Don’t forget to refer back to the original design to make sure you’re offsetting in the way intended. For this design, I’ve pulled the outline up and to the left, just slightly. This gives it a nice shadow effect! Take care to do the same spacing for each letter.
This next press is also going to be a quick tack. If we pressed for the full time, there would be nasty little divets from the excess glitter on the carrier sheet. So Quick Tack…3 seconds should do it and don’t forget your teflon! 😉
Carefully remove the carrier sheets from each letter. Place “forever” in the appropriate spot, under the design and aligned on the right. And guess what? This needs to be another Quick Tack! The edge of this carrier sheet would leave a line in your Electric beneath it and we don’t want that! So 3 seconds, one more time!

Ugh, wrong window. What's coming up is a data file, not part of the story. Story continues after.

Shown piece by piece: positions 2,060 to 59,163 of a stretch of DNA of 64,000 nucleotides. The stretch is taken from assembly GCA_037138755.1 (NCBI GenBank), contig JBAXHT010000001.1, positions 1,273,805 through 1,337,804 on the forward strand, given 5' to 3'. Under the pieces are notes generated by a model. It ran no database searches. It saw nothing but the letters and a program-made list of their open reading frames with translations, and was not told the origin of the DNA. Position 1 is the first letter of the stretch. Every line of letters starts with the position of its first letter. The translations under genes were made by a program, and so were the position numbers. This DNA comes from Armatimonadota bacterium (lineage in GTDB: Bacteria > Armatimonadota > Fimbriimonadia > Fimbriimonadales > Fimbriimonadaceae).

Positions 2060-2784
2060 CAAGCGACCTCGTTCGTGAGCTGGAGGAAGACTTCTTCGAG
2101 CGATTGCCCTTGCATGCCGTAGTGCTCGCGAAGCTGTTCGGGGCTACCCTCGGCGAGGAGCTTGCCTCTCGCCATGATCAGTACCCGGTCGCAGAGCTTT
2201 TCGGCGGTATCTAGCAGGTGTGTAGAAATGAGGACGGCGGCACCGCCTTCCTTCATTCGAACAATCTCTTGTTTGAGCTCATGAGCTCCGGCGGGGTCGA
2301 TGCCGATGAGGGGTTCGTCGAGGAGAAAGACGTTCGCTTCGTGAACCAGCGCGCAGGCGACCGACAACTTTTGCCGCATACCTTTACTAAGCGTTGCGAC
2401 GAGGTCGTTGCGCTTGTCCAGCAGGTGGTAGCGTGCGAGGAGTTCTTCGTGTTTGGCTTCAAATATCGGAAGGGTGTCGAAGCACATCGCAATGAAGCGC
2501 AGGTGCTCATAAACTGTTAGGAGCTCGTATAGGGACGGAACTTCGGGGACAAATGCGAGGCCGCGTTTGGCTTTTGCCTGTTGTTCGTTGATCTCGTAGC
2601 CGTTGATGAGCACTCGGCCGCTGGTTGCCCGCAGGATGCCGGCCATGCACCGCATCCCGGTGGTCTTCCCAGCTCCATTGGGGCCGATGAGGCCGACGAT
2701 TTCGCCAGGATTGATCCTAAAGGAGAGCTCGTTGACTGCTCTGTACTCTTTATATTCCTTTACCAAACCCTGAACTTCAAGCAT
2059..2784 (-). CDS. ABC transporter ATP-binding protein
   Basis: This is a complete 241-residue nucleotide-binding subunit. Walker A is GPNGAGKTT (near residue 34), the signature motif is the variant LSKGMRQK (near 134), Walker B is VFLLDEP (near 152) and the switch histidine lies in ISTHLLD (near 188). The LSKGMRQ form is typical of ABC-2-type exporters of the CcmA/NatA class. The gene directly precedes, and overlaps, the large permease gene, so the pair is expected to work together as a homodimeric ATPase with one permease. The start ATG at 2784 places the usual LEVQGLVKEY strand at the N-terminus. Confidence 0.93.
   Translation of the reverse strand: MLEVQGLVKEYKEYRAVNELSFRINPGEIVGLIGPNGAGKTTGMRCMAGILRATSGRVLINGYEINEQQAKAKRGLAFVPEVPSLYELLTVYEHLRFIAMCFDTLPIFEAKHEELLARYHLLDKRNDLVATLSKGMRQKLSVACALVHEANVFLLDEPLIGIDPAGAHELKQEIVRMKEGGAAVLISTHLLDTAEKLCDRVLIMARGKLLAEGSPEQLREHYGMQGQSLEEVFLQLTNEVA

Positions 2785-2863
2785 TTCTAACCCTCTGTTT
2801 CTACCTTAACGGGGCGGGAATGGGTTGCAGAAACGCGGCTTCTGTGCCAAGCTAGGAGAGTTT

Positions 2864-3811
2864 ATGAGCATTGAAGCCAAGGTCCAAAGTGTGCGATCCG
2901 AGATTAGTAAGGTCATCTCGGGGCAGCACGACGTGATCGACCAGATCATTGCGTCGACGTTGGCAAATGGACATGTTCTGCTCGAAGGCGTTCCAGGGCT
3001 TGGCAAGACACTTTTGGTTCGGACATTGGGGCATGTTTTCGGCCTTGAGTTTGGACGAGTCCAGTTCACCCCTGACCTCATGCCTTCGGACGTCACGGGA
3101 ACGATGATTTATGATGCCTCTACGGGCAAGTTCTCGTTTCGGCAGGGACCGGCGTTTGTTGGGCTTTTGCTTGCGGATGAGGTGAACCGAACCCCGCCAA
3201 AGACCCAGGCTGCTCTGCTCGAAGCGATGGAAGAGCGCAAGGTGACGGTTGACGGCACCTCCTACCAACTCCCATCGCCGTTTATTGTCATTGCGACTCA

Finally! We are on the LAST PRESS! Once you’ve removed the “forever” carrier sheet, cover your project with your teflon or parchment paper and press it for a total of 10 seconds. How did I get that number? The top layer of this project is “forever,” right? So far, “forever” has only been pressed for 3 seconds. If we press for 10 more seconds, the top layer will get all the pressing it needs (12-15 seconds) and we won’t risk over exposing that bottom layer to excess heat. If we had pressed each of these layers for 12-15 seconds each, this would mean the bottom layer would be exposed to high heat for over 36 seconds! This is why we incorporated the Quick Tack method. And that is why we have the perfect Valentine shirt! <3
I hope you’ve enjoyed this tutorial! Drop a line or two in the comments to let me know if you found this blog helpful and any questions you may have.